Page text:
Wednesday, April 17, 2013

What is "Traditional" Irish Music: 18th Century Postcolonial Secular Dance Music and Song, Of Course!

When people talk about "traditional" irish music, they are referring to the music that was popularized by the Dubliners in the 1970s, and the Chieftans, and later the music of bands like De Dannan, Solas and later Lunasa.

But that is hardly Irish music. In fact, most of it is a mixture of the secular dance music of the UK of the 19th and 20th centuries.

If you want "traditional" Irish music, you have to go back to 1724, to the first publication of said music. Still and all, it is post-colonial music and nothing of the original Irish music (pre-colonialism) remains.

So we don't really know what traditional Irish music is. We don't know what it sounded like.

We do know what the instrumentation was, taken from paintings of the middle ages: In A History of Irish Music (1905), W. H. Grattan Flood wrote that there were at least ten instruments in general use by the Gaelic Irish. These were the cruit(a small harp) and clairseach (a bigger harp with typically 30 strings), the timpan (a small string instrument played with a bow or plectrum), the feadan (a fife), the buinne (an oboe or flute), the guthbuinne (a bassoon-type horn), the bennbuabhal and corn(hornpipes), the cuislenna (bagpipes - see Great Irish Warpipes), the stoc and sturgan (clarions or trumpets), and the cnamha (castanets).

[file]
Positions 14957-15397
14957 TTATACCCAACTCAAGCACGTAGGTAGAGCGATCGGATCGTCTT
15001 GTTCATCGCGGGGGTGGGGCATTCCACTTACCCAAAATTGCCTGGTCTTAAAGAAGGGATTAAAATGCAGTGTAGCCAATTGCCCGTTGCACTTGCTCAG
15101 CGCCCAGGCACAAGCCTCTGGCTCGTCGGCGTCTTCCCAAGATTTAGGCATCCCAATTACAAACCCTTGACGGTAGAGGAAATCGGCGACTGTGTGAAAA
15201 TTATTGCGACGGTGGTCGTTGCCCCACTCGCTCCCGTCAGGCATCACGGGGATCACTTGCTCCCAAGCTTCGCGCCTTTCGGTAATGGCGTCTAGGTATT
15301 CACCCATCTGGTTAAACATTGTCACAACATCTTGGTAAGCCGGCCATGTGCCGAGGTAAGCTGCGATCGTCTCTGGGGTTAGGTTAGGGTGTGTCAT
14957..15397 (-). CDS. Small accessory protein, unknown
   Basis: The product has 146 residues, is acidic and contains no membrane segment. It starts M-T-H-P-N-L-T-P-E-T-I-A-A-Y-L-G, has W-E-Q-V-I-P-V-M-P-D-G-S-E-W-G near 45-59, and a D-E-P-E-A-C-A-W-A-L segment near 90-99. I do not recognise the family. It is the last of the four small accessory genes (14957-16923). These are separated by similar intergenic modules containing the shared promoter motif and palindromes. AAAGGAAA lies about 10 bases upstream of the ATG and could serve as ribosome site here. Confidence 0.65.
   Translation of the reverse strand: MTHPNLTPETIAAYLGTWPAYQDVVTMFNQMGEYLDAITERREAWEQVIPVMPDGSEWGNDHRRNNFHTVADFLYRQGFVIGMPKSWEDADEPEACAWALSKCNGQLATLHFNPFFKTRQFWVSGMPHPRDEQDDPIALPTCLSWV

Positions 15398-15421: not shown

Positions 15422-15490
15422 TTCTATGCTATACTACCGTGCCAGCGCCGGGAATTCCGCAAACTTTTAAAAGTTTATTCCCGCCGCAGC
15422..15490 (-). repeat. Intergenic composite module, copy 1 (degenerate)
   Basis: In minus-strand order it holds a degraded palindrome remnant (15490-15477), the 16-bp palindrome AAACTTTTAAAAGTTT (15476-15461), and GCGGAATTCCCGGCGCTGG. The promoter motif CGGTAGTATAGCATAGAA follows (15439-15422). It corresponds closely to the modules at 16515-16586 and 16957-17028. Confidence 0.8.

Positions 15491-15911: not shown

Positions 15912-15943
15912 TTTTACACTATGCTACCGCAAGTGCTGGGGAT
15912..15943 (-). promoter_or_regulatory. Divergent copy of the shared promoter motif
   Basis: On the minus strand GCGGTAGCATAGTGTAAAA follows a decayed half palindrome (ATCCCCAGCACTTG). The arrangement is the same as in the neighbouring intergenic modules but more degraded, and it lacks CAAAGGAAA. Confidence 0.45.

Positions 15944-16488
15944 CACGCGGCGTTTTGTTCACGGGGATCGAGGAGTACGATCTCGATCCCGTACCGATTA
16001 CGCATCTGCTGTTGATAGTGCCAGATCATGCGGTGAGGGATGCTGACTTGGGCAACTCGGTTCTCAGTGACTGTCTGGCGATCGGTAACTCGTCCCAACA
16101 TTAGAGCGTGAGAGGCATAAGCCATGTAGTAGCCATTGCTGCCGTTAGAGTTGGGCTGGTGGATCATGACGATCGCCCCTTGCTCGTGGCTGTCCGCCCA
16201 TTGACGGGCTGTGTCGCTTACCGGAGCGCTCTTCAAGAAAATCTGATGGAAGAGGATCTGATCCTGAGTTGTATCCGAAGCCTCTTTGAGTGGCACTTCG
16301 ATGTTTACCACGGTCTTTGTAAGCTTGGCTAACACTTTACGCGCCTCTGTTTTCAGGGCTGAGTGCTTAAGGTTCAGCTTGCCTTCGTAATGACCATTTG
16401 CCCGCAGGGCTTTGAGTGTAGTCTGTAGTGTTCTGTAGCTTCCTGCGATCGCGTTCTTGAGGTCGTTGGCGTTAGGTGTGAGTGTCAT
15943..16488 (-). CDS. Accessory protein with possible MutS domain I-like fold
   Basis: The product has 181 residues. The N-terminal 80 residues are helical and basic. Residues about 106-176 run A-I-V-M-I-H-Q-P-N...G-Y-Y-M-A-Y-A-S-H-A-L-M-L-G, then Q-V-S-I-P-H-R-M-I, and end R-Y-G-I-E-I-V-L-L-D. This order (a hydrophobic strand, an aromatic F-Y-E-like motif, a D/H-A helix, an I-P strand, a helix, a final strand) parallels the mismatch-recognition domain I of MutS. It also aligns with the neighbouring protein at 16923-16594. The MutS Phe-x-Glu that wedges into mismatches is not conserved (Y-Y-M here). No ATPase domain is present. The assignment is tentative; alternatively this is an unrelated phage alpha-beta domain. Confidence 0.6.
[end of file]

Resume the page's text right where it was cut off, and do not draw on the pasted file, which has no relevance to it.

Probably the best book we have that discusses this topic of identity, nationalism and culture related to Ireland, was published in 1960 by Leith Davis and is called Music: Postcolonialism and Gender, or The Construction of Irish National Identity 1724-1874

In it, the author describes a nation without identity, struggling to form its own under the stern discipline of  English church and crown.  What follows is clearly not Irish, but becomes so as the people make it their own.

Irish Dance Traditions

Dancing in the Middle Ages (England) Irish dance dates back to its origins in Europe in the 11th and 12th centuries and became closely ...